Non-linear configurations Precision rectifier Behaves like an ideal diode for the load, which is here represented by a generic resistor RL. This basic configuration has some limitations. For more information and to know the configuration that is actually used, see the main article.

Super diode

Peak detector When the switch is closed, the output goes to zero volts. When the switch is opened for a certain time interval, the capacitor will charge to the maximum input voltage attained during that time interval. The charging time of the capacitor must be much shorter than the period of the highest appreciable frequency component of the input voltage.

Peak detector

Logarithmic output

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The relationship between the input voltage vin and the output voltage vout is given by:

Logarithmic configuration

where IS is the saturation current. If the operational amplifier is considered ideal, the negative pin is virtually grounded, so the current flowing into the resistor from the source (and thus through the diode to the output, since the op-amp inputs draw no current) is:

where ID is the current through the diode. As known, the relationship between the current and the voltage for a diode is:

This, when the voltage is greater than zero, can be approximated by:

Putting these two formulae together and considering that the output voltage Vout is the inverse of the voltage across the diode VD, the relationship is proven. Note that this implementation does not consider temperature stability and other non-ideal effects.

Exponential output The relationship between the input voltage vin and the output voltage vout is given by:

where IS is the saturation current.

Exponential configuration

Considering the operational amplifier ideal, then the negative pin is virtually grounded, so the current through the diode is given by:

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when the voltage is greater than zero, it can be approximated by:

The output voltage is given by:

Other applications audio and video pre-amplifiers and buffers voltage comparators differential amplifiers differentiators and integrators filters precision rectifiers voltage regulator and current regulator analog-to-digital converter digital-to-analog converter voltage clamps oscillators and waveform generators Schmitt trigger Gyrator Comparator Active filter Analog computer

See also Current-feedback operational amplifier Operational transconductance amplifier Frequency compensation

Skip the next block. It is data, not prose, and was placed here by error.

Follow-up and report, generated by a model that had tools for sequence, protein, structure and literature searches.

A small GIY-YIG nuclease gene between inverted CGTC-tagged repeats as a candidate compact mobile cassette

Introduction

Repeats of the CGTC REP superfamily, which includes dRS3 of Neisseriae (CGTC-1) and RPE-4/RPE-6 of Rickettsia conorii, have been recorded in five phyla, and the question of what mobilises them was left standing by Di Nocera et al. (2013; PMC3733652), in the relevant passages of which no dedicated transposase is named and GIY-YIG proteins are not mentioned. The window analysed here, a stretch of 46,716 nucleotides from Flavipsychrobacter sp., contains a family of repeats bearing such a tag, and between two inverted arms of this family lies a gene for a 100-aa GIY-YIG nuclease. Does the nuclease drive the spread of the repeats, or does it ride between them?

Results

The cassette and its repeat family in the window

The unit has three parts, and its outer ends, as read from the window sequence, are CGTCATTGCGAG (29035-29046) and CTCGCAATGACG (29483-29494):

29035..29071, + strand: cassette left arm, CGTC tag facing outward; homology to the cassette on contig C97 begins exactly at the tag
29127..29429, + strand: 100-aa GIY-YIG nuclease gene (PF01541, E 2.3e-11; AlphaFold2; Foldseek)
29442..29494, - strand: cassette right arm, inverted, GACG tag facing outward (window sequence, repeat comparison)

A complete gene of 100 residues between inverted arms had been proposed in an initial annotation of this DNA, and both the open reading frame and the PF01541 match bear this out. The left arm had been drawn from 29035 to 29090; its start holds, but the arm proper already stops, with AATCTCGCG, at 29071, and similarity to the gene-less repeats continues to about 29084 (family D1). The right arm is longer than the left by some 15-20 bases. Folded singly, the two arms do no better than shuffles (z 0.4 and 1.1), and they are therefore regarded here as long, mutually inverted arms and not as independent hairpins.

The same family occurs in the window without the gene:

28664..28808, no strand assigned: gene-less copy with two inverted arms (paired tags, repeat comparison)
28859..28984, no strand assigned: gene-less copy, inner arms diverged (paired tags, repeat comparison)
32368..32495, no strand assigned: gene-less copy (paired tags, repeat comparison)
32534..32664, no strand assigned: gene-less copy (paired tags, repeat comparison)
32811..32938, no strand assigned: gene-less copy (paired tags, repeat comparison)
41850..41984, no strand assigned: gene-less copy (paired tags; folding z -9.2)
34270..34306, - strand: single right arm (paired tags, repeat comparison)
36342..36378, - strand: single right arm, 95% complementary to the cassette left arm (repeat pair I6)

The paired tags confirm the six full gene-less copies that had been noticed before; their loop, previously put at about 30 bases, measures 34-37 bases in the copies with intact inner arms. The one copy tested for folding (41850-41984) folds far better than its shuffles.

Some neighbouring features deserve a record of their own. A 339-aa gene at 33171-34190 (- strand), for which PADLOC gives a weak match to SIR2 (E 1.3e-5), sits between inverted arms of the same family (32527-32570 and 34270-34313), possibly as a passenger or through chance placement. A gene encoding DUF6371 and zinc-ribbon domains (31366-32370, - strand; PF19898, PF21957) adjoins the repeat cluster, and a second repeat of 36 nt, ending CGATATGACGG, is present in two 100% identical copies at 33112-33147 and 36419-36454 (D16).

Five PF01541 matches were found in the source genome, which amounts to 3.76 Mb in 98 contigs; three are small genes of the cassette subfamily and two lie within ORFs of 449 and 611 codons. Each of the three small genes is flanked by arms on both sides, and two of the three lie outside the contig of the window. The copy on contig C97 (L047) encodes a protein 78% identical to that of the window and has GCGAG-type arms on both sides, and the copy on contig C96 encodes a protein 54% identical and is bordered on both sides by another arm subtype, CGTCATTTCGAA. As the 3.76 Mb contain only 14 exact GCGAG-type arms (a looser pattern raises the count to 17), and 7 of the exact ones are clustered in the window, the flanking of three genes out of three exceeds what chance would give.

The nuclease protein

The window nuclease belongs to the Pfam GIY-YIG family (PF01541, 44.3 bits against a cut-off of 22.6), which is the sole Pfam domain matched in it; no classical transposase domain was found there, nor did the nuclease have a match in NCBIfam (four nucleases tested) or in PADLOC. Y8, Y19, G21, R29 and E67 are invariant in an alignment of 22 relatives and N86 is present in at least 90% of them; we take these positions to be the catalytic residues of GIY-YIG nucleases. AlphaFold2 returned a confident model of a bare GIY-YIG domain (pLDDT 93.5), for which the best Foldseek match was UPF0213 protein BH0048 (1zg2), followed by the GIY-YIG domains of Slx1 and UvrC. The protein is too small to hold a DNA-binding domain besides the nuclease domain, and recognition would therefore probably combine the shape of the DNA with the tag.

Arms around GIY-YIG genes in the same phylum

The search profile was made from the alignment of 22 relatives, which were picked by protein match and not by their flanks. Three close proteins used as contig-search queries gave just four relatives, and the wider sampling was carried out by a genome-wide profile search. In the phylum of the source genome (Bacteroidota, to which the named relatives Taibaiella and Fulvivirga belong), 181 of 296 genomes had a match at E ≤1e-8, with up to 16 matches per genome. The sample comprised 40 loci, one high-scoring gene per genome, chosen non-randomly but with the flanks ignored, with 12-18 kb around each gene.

References Paul Horowitz and Winfield Hill, "The Art of Electronics 2nd Ed. " Cambridge University Press, Cambridge, 1989 ISBN 0-521-37095-7 Sergio Franco, "Design with Operational Amplifiers and Analog Integrated Circuits," 3rd Ed., McGraw-Hill, New York, 2002 ISBN 0-07-232084-2

External links Introduction to op-amp circuit stages, second order filters, single op-amp bandpass filters, and a simple intercom (http://ourworld.compuserve.com/homepages/Bill_Bowden/opamp.htm) Op Amps for Everyone (http://focus.ti.com/lit/an/slod006b/slod006b.pdf) PDF A table of standard applications (http://www.rfcafe.com/references/electrical/opamps.htm) Hyperphysics — descriptions of common applications

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(http://hyperphysics.phy-astr.gsu.edu/hbase/electronic/opampvar.html) Single supply op-amp circuit collection (http://instruct1.cit.cornell.edu/courses/bionb440/datasheets/SingleSupply.pdf) PDF Op-amp circuit collection (http://www.national.com/an/AN/AN-31.pdf) PDF A Collection of Amp Applications (http://www.analog.com/UploadedFiles/Application_Notes/28080533AN106.pdf) PDF — Analog Devices Application note Basic OpAmp Applications (http://www.ligo.caltech.edu/~vsanni/ph5/BasicOpAmpApplications.pdf) PDF Handbook of operational amplifier applications (http://focus.ti.com/lit/an/sboa092a/sboa092a.pdf) PDF — Texas Instruments Application note Low Side Current Sensing Using Operational Amplifiers (http://focus.ti.com/analog/docs/gencontent.tsp?familyId=57&genContentId=28017) Logarithmic amplifier (http://www.play-hookey.com/analog/logarithmic_amplifier.html) Precision half-wave rectifier (http://www.play-hookey.com/analog/half-wave_rectifier.html) Precision full-wave rectifier (http://www.play-hookey.com/analog/full-wave_rectifier.html) Log/anti-log generators, cube generator, multiply/divide amp (http://www.national.com/an/AN/AN-30.pdf) PDF Logarithmically variable gain from a linear variable component (http://www.edn.com/archives/1994/030394/05di7.htm) Retrieved from "http://en.wikipedia.org/wiki/Operational_amplifier_applications" Categories: Electronic amplifiers | Integrated circuits This page was last modified 16:54, 16 January 2007. All text is available under the terms of the GNU Free Documentation License. (See Copyrights for details.) Wikipedia® is a registered trademark of the Wikimedia Foundation, Inc., a US-registered 501(c)(3) tax-deductible nonprofit charity.